Information Technology Reference
In-Depth Information
Not so much data: If you have only a small amount of data to
back up but a truly humongous drive, you might feel that you'll
never fill all that space with backups, and that you might therefore
like to use some of it for something else. In that case, feel free
to make three (or more) partitions, with the first two sized as I
discussed in Decide on Capacity .
Bootable duplicates for multiple Macs: If you want to store
bootable duplicates for more than one Mac on a single drive, you'll
need a separate partition for each, as I discuss later in this chapter,
in Choose Local or Network Backups . Versioned backups for all
your Macs, however, can live on a single partition.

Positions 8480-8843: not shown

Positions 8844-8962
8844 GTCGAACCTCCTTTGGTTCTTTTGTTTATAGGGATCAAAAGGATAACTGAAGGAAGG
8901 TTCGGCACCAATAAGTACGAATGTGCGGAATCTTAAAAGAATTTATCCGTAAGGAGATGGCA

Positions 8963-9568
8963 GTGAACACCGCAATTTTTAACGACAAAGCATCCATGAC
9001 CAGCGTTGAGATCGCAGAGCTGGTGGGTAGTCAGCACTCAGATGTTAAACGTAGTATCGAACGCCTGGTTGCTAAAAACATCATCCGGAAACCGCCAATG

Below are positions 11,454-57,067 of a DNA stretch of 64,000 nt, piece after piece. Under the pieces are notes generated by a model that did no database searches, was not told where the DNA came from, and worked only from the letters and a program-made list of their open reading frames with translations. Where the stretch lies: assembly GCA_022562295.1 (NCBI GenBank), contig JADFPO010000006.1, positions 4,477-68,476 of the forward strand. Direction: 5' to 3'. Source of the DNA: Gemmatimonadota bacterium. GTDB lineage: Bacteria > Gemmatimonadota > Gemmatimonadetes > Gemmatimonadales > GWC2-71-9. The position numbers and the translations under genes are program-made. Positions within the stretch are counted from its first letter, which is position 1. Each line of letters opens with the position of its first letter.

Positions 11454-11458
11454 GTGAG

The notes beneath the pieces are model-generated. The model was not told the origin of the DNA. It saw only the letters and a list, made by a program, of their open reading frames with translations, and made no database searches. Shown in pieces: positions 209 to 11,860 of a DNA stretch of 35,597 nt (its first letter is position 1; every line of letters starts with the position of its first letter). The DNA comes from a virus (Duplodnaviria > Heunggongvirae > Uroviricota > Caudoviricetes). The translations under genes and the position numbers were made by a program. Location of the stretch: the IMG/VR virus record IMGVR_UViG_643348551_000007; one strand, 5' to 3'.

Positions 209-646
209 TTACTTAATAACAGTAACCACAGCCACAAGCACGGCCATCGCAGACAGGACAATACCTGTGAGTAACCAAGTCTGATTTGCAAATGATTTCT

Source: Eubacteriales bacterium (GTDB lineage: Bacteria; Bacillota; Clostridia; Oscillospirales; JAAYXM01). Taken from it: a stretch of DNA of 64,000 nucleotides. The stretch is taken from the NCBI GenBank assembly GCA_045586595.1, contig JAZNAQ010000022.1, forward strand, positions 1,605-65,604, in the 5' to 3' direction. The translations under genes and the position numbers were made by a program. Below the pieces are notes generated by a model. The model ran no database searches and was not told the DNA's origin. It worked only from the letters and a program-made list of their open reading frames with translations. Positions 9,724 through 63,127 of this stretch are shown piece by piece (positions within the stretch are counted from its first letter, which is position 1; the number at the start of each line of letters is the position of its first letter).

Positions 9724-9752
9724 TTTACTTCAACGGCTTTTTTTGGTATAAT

Configure Your Drive
Now that you have those two vital pieces of information—which
partition map scheme to use and how many partitions you need—
you have but to click a few buttons to configure your drive.
Warning! This procedure totally and irrevocably erases everything
on your external drive. You knew that, but this being a book about
backups, one can never have too many copies of crucial data!
Follow these steps:
1. If Disk Utility is not already running, open it now (you can find it
in /Applications/Utilities ).
2. In the list at left, select your external drive.
3. On the Partition pane, choose the number of partitions you want to
have from the Partition Layout pop-up menu. (Don't leave it set to
Current, even if you plan to keep the same number of partitions.)
4. Initially, the partitions will be sized equally. If you want them to be
differently sized, drag the divider bar between them to resize them.
5. Click Options. In the dialog that appears ( Figure 3 ), select the
scheme you want to use and click OK.
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